A Silent Death Blow: Matthew’s Effect on Haiti

By: Kara Haselton

Hurricane Matthew swept through the Caribbean and the United States almost four weeks ago. Matthew became a category 4 hurricane before it made landfall and it affected people in Cuba, Haiti, up to the southeastern part of the U.S. While the “afterMatthew” has died down for at least those in Raleigh, Haiti’s problems are still there.

Haiti’s problems have been there.

The earthquake that shook Haiti in 2010 was immediately on every news website and one could hear of the event nearly everywhere. The small island of Haiti was completely devastated by the effects of the earthquake; the economy fell, but infrastructures fell faster still. Aid agencies answered quickly to the need and money was collected.

Six years later, Haiti has been hit again.  

Haiti stood no chance against the 145 mph winds of Hurricane Matthew. The poorly rebuilt homes and temporary housing were easily flattened by the storm. After the six years of hard work to rebuild the economy and living situation, it crashed again. “Haiti — one of the world’s poorest countries — has never fully recovered from the earthquake in 2010 that killed thousands of people and a cholera epidemic that followed,” BBC reported in an article published right after the storm hit Haiti.

The death toll was already at 877, three days after the storm hit. By now, over 900 people have died, and the death toll is expected to continue to rise. The south, specifically the southwest Tiburon peninsula was hit the hardest, with some towns amounting to nothing. The BBC also reported that nearly 90% of Haiti was destroyed. Additionally, the United Nations has estimated a near 1.4 million people in need of assistance, with the most significantly affected areas being nearly inaccessible.

Connor Shapiro and Lynn Black on behalf of Time magazine reported that Haiti, specifically the city of Les Anglais, has “a depleted medication supply and no material to care for the traumatic wounds. Unattended wounds had been festering for days. A massive cholera outbreak was also imminent: Les Anglais had already had 24 cases in the first five days.”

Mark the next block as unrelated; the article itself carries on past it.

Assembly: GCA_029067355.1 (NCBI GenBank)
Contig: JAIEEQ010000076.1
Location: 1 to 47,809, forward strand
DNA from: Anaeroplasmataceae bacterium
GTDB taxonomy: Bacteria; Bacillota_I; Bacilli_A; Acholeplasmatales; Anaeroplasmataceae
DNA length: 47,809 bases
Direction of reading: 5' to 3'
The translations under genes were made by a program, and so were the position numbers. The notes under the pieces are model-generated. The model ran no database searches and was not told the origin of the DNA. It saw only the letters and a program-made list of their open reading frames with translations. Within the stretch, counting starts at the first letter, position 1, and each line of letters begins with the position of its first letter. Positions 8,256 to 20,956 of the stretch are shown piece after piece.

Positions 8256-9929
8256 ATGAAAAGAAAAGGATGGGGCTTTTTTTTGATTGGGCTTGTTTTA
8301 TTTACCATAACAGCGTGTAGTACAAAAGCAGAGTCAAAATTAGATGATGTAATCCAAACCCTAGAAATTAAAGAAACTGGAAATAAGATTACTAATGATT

Cholera is a bacterial disease usually contracted after contact with dirty, infected water. In the situation in Haiti, it’s suspected that the flood water is mixing with sewage and contaminating the little food available, causing developing cholera to be a near guarantee.

Black, a physician at Massachusetts General Hospital, and Shapiro noted that they were the first aid responders in the town of Les Anglais, and that was five days after the storm had passed. By then, many disease and wound-afflicted civilians had been suffering for several days, increasing their risk of serious injury or death. In addition to their sad stories, the article featured on Time also reported that out of 4,000 homes, only 82 were still intact. That means a measly 2% of their homes are still standing.  

The UN has asked for $120 million for aid and relief to go to Haiti, however they have only received 12% of that.

But the question is, why is so easy to forget about Haiti? There are probably many factors as to why it was taking Haiti so long to rebuild after 2010, but one of them is probably the fact that we forgot. We stopped sending aid. We stopped going on house building trips.

It’s only been two weeks since Haiti was hit, and we’ve already forgotten about them. The article from Time magazine put it like this, “Is it our obsession with our own national politics here in the U.S.? Is it our lack of ability to turn statistics on the evening news into the stories of real suffering people? Are people losing faith in our ability to effectively respond to disasters in Haiti? Are we tired of hearing about the struggles of this small island? Regardless of the real reasons, shame on us for not shining a brighter light on the devastation caused by this powerful storm and for not stepping up to help our neighbors, 90 minutes by air from Miami, recover and turn toward rebuilding. If not us, then who?”

The situation needs to be recognized and pulled out from under the rug. But what doesn’t need to happen is for us to shake our head in horror and cry over these ‘poor, unfortunate souls.’ Instead, let’s talk about solutions. Because there are solutions.

Starting out small, Project Wisdom is hosting Stop Hunger Now on November 13th; people come together and package over 40,000 meals to send to those in need. This specific event will be sending everything to Haiti.

But there are so many organizations you could contribute to. Don’t let your own experience with Hurricane Matthew drown out their experience. They are humans, too.

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